One way I have been involved, for the last six years, is by working with the Connecticut College students in the Goodwin-Neiring Center for the Environment (GNCE). In their second semester of sophomore year, their main focus has been making a connection with Avalonia. The intent is to let them see some of the inner workings and challenges of trying to keep a land trust running successfully. It isn’t all fun, trail clearing and tree hugging. It is a lot of work and in areas that they never really thought about. Areas like governance, finance, fund raising, development, membership, and outreach are all essential to the growth and success of the organization. It has been my privilege to work with these great students, to introduce them to Avalonia, and also to help them develop projects of their choosing, that will help Avalonia in one way or another, while giving them an opportunity to get their eyes opened a bit, to other aspects of land trust operations.
This year there has been a greater emphasis on outreach and membership building. Most of the projects are dedicated to this in one way or another. Over the next two months, you will be introduced to these students, as you have been for the last several years. One student will actually take over the blog writing (lucky me.) and give insights into what his peers are doing.
These students understand the need for fresh energy and ideas. While this student population will not necessarily be residing in this area after graduation, I hope that their insights can give us the boost we need to reach out to those generations coming after us.
Stewardship work isn't always easy...

but it can be fun.

A special GNCE team worked on Collier preserve as a community service project.

Enjoy their stories

They will be posted as part of the blog series and on Facebook as well. Please comment or write to Avalonia and let us know what you think. Tell us how you think we can engage the next generation. And if you are by chance of that younger age set, please let us know how best you can help while still juggling your other obligations and busy lives. Every person makes such a difference. Our challenge is to make sure we utilize every person who offers.
While we older-but-still-active group are doing ok, we welcome the energy and enthusiasm of those who can help us out and then take the reins when we are ready to give them up.
Getting into the community is so important.

Engaging the very youngest nature lovers is truly necessary.

Photographs by Beth Sullivan.

Monday, March 5, 2018

The Northward movement

By Beth Sullivan
Migrate: To pass periodically from one region or climate to another, as certain birds, fishes or animals.
March is a month of migration. In many places the process began much earlier and will not stop until everyone or everything is where it’s supposed to be, to breed and raise young, and then it begins all over in reverse.
Now that the day lengths are increasing, and daylight hours are nearly equal to night hours, many creatures are being inspired to make their migration, usually in a northward direction, back “home” here, to where they belong, in our opinion.
In the month of March, I usually begin my list of firsts: things like Peepers and Wood frogs are important firsts. Those are checked off. The first Painted turtles out on a log have been spotted. But they never ventured far. They just stayed down and under all winter. They emerged recently to greet the warmth, but will dig back underground in the face of the cold that is surely coming in this fickle month.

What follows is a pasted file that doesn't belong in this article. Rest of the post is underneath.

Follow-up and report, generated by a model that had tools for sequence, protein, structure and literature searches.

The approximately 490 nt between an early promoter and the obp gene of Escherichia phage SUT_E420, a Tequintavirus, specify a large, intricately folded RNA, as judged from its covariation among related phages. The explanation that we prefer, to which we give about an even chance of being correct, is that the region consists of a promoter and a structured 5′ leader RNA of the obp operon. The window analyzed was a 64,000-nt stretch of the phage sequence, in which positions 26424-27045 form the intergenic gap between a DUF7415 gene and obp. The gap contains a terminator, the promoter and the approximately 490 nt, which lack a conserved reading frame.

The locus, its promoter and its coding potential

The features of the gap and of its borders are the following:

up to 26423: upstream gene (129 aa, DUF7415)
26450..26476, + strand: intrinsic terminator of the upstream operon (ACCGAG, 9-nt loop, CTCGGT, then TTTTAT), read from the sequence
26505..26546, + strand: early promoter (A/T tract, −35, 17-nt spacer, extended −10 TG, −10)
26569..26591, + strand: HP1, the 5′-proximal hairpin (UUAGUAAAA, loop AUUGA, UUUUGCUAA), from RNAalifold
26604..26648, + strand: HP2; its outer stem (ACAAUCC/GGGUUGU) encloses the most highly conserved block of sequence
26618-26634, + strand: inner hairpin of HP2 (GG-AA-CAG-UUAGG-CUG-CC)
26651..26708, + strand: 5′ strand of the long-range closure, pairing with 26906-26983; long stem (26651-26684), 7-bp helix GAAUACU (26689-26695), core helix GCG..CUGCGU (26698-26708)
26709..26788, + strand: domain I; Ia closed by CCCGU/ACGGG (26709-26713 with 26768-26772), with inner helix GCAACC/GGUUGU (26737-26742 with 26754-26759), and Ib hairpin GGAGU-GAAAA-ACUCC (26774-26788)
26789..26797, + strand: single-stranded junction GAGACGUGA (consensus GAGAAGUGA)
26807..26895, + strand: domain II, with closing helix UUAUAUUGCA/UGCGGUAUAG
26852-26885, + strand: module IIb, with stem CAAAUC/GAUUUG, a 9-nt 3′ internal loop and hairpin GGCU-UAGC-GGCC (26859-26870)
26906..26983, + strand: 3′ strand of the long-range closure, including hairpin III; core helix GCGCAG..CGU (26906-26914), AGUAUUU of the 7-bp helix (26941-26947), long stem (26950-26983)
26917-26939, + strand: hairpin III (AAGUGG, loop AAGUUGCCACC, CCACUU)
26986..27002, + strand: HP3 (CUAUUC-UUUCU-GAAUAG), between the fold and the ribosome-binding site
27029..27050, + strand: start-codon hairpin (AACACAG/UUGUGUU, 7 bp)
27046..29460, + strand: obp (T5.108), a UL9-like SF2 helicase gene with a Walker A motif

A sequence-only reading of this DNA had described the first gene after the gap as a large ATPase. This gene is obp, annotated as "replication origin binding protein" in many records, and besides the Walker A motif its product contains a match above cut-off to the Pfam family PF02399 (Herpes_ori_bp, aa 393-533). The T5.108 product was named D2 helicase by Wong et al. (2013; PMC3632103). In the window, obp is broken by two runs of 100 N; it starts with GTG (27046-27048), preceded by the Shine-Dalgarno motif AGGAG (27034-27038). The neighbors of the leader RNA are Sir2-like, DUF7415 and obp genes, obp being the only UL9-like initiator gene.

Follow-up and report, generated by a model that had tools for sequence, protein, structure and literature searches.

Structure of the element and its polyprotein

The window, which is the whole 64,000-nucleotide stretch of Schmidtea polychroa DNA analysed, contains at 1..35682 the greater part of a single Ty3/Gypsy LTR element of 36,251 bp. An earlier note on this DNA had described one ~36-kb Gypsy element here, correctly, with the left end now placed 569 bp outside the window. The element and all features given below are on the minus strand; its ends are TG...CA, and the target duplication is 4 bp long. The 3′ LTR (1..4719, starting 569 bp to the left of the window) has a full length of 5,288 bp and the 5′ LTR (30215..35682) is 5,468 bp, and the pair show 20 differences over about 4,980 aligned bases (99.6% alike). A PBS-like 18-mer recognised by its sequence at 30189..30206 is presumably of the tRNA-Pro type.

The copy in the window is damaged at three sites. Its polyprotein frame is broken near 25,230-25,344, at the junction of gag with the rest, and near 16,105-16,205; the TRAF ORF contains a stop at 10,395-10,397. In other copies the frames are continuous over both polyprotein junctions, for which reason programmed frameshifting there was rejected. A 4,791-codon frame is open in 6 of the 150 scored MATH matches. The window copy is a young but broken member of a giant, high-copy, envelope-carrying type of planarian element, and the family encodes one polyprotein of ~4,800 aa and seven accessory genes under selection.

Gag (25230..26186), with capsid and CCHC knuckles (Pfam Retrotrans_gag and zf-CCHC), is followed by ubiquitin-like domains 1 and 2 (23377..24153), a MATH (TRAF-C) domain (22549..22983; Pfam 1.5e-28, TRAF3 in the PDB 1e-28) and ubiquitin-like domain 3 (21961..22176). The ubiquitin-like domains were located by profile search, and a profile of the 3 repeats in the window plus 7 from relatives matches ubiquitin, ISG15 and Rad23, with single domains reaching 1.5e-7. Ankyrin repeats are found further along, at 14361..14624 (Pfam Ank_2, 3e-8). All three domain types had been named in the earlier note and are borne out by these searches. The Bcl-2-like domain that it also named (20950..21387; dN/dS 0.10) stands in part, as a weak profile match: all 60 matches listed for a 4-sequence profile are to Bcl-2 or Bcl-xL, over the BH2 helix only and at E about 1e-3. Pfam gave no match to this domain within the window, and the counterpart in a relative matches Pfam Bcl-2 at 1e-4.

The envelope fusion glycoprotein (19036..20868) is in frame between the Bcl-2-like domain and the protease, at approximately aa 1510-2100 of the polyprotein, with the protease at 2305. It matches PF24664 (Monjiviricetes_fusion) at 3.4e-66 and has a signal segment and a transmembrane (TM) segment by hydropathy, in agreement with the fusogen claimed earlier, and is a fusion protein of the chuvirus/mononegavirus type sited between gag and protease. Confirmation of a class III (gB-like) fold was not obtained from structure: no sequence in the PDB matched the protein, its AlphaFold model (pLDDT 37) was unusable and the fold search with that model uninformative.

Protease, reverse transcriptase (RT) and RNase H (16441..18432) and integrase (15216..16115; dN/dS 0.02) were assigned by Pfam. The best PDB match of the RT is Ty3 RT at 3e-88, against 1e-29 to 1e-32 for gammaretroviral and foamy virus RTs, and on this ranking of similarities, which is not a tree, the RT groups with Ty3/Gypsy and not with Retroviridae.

The first Purple Martins have arrived in places like Florida and Texas, but they will not reach here until April. So I don’t get my hopes up for them for a while. You will certainly be getting reports as soon as ours arrive.
Purple Martins have already begun housekeeping in Florida. Photograph by Dennis Main.

March migrants

The migrants of March are the Osprey, the Eastern Phoebe and the Tree Swallows, that I eagerly await. For sure there are many more, but these have always been my true indicators of spring. All three of these arrive within a week, more or less, around the Vernal Equinox- the first day of spring. So much, though, depends on the weather that either assists them or keeps them grounded. If we get a nice southerly flow, they will all catch the wind and arrive earlier. If we continue to be hit with Nor’easter type storms, they will hunker down where they are and wait.
Interesting to note though, even as we eagerly anticipate the first sightings of these new arrivals, we sometimes overlook those migrants who slip away quietly from our area, to return farther north to their own breeding grounds. Sometimes it’s hard to remember the last Hooded Merganser I saw on a cove, or, come later into March and April, when I no longer hear the Juncos twittering in the bushes.
 The bird I really wait for is the osprey, sometimes showing up for St. Patrick's Day.

This Phoebe in Florida, is a real sign of spring in New England, but won't arrive until it warms up and are there are insects to eat. Photograph by Dennis Main.

Tree Swallows will arrive in a few weeks. Photograph by Rick Newton.

Sometimes it's hard to remember when the last Hooded Merganser took off from our icy coves to return north.

Another kind of migrant

There is another interesting group of migrants: people, know as snow-birds - those who leave the colder climates, not necessarily to breed and nest of course, but to escape the cold and enjoy the climate farther south.